Since Mr W was presumably aware of both his ex-wife’s and his new wife’s differing Christmas models why was he unable to raise this earlier as a discussion issue? A new relationship brings hope for the future. However, sometimes this hope includes an unreal idealisation of the new family and corresponding devaluing of the past relationship. It may have disturbed both Mr and Mrs W to recognise an area where their past relationship matched their beliefs better. The argument may have been all the more loaded because of the unreal expectancies on the new relationship. A remarried couple, says Gill Gorrell Barnes “is one of the most widely scrutinised subsystems of family life, being watched by the children of each partner, by the parents of each partner and the parents of their former partners; by their ex-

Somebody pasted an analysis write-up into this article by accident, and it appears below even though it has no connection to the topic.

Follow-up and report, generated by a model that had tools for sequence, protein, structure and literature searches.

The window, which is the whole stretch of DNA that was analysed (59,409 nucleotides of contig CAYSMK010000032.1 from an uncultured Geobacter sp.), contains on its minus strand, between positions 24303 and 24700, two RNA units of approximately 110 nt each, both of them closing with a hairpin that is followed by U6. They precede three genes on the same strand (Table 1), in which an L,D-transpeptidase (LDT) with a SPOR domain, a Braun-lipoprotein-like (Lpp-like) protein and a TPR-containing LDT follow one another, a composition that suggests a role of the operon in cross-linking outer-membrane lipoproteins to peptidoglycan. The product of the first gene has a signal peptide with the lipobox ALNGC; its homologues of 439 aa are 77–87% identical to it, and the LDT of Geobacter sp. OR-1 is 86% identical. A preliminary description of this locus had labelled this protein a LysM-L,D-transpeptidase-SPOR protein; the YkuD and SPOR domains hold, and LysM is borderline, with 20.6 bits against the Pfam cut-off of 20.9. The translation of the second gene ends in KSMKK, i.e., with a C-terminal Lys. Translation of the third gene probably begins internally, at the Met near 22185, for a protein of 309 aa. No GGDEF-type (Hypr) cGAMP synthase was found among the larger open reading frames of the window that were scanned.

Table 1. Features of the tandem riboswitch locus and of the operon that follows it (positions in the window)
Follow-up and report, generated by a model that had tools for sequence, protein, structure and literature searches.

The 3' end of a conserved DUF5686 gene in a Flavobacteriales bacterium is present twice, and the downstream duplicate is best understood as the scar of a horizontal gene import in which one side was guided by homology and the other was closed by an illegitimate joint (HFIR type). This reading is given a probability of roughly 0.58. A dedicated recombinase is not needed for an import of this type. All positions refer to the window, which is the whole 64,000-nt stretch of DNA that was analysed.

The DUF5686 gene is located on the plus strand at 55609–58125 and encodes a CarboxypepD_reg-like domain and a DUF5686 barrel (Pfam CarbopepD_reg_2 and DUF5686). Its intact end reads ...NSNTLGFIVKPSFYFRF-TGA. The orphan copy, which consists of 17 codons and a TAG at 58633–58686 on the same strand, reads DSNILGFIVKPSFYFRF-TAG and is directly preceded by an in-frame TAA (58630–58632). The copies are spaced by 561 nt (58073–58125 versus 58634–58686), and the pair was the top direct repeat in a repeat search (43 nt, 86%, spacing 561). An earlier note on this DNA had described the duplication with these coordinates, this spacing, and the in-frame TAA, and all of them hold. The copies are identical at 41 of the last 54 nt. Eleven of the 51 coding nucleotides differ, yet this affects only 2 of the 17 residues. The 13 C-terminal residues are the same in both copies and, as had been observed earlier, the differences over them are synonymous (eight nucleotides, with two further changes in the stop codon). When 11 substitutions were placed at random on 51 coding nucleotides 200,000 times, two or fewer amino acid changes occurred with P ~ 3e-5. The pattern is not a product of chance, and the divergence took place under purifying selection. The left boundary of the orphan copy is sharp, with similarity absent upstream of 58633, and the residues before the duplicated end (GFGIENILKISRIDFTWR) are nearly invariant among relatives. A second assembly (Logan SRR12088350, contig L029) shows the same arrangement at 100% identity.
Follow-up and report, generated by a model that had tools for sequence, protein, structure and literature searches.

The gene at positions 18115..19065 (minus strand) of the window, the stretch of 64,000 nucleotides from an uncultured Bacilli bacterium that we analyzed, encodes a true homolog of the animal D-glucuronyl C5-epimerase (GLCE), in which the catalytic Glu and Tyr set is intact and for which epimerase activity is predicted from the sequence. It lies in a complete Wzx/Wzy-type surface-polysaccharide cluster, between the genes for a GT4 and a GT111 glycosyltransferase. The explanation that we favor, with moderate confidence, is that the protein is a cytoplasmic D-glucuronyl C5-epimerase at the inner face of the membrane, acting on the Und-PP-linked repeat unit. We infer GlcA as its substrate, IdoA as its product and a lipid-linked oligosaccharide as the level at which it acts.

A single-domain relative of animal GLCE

spouses who are also ongoing parents and by friends allies and enemies on each side”. For those who work through the inevitable early difficulties there is hopeful research on the benefits stepfamilies can bring. Others may find it is easier to progress with skilled help.
What about Santa Clausitis? Perhaps it is no coincidence that it was the Victorian age of religious doubt that elaborated the Father Christmas myth so fully and powerfully. Many adults grew concerned that their religious belief came only from their parents. By deliberately fostering a lie with their children such adults could attempt to understand how beliefs are transmitted. However, as the Father Christmas lie would be slowly and gently revealed there could also co-exist the hope that religious belief would remain strong if a more minor transitional belief could be offered to be broken instead. However, there is the world of a difference between passing on what an individual believes to be truth (regardless of other people’s doubts) and the passing on of a lie.